Video: Like most ways of measuring things, the United States uses a different temperature scale than most of the rest of the world. However, the Fahrenheit scale often doesn't make much sense compared to the Celsius scale. This video explains why.
As the video above explains, before Celsius or Fahrenheit became standard, getting precise tools to measure temperature was a bigger problem than the scale that temperature was measured on. Daniel Gabriel Fahrenheit was one of the first to use mercury in his thermometers and his tools were reliably accurate. This was a new development at the time, so his thermometers were quickly adopted.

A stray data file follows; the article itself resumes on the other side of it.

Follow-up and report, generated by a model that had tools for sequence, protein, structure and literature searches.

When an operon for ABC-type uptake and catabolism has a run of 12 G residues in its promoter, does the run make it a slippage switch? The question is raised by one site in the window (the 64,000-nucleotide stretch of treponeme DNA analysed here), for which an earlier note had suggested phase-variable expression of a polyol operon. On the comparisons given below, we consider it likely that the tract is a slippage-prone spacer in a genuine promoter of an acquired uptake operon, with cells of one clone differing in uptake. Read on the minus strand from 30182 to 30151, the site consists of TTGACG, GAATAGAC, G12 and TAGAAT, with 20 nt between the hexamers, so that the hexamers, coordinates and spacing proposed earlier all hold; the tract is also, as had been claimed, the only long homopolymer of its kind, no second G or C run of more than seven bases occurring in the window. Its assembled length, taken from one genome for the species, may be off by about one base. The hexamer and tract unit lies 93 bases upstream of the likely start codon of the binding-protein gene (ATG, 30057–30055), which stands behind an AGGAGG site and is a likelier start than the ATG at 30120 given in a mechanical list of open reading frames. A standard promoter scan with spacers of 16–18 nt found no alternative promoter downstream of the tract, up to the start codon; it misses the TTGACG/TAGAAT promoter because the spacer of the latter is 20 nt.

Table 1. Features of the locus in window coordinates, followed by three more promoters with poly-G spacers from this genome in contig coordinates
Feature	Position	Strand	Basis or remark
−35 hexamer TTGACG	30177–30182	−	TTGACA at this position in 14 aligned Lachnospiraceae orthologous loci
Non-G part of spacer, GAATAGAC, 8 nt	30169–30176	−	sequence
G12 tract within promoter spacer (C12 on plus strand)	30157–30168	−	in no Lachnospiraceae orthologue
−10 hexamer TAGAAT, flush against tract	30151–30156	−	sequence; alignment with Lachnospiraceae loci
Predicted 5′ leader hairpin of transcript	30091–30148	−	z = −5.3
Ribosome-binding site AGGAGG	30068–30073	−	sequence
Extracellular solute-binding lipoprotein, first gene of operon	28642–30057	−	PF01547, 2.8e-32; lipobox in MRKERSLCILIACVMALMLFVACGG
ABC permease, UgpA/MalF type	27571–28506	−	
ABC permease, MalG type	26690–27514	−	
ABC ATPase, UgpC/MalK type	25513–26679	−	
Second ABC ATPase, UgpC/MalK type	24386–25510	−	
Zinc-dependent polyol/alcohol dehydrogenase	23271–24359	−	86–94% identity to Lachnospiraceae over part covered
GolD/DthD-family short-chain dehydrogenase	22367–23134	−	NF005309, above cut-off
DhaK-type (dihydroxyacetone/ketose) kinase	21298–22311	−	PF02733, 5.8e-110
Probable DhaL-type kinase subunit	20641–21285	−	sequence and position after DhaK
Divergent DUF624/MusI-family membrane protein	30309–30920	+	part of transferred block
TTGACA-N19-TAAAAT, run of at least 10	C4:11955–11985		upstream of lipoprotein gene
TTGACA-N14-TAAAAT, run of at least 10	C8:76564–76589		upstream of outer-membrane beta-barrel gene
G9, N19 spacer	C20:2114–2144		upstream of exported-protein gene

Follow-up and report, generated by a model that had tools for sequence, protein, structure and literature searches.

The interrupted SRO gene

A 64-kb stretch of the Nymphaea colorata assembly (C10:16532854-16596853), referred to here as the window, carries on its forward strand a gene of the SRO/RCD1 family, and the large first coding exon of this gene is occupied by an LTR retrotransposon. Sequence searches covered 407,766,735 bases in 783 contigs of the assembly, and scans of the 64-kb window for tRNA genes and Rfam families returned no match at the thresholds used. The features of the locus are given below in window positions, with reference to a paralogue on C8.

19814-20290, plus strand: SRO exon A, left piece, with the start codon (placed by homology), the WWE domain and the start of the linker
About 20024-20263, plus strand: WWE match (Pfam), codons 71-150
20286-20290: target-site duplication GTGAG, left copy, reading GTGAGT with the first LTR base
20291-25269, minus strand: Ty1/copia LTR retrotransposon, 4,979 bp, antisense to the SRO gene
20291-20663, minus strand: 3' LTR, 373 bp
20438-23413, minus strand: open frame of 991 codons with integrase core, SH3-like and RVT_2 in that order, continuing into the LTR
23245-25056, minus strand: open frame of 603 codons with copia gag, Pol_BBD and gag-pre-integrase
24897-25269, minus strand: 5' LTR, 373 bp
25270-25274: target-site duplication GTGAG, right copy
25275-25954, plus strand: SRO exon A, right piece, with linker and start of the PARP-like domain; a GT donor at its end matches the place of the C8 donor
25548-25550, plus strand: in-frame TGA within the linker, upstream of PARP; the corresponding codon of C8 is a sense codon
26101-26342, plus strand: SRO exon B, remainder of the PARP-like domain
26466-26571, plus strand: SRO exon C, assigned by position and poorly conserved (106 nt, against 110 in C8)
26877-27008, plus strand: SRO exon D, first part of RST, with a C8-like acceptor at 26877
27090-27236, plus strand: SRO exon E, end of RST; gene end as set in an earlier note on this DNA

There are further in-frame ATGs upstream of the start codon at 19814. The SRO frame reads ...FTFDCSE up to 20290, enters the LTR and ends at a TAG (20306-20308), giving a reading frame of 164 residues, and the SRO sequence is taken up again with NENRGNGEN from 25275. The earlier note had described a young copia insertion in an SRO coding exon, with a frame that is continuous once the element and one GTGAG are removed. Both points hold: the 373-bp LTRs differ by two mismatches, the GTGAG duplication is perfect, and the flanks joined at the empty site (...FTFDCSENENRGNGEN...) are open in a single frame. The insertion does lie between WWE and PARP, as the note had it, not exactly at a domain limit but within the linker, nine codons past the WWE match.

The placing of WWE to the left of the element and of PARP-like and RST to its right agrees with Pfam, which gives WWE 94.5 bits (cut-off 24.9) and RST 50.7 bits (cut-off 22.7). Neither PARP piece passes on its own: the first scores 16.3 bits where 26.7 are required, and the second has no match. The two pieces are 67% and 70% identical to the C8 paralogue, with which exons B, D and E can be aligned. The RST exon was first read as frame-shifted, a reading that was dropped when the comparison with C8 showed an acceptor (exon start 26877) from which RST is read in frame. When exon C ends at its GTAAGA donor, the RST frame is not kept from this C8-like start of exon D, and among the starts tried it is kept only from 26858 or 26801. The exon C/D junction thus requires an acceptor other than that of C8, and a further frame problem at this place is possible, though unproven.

The scale, however, was pretty arbitrary. Fahrenheit kept his formulas secret, so we don't actually know exactly how he determined where zero should be on the thermometer. Allegedly, zero was supposed to correspond to a salt, ice and water mixture, with 100 degrees being the temperature of a human body. Neither of these is strictly accurate, but at the time that didn't matter. What mattered was that the thermometers were consistent. Now, we have better tools to measure with, and so we've adopted the more intuitive Celsius scale that sets zero as the freezing point of water and 100 as its boiling point, with the human body temperature set at 37 degrees.
What the Fahrenheit?! [Veritasium]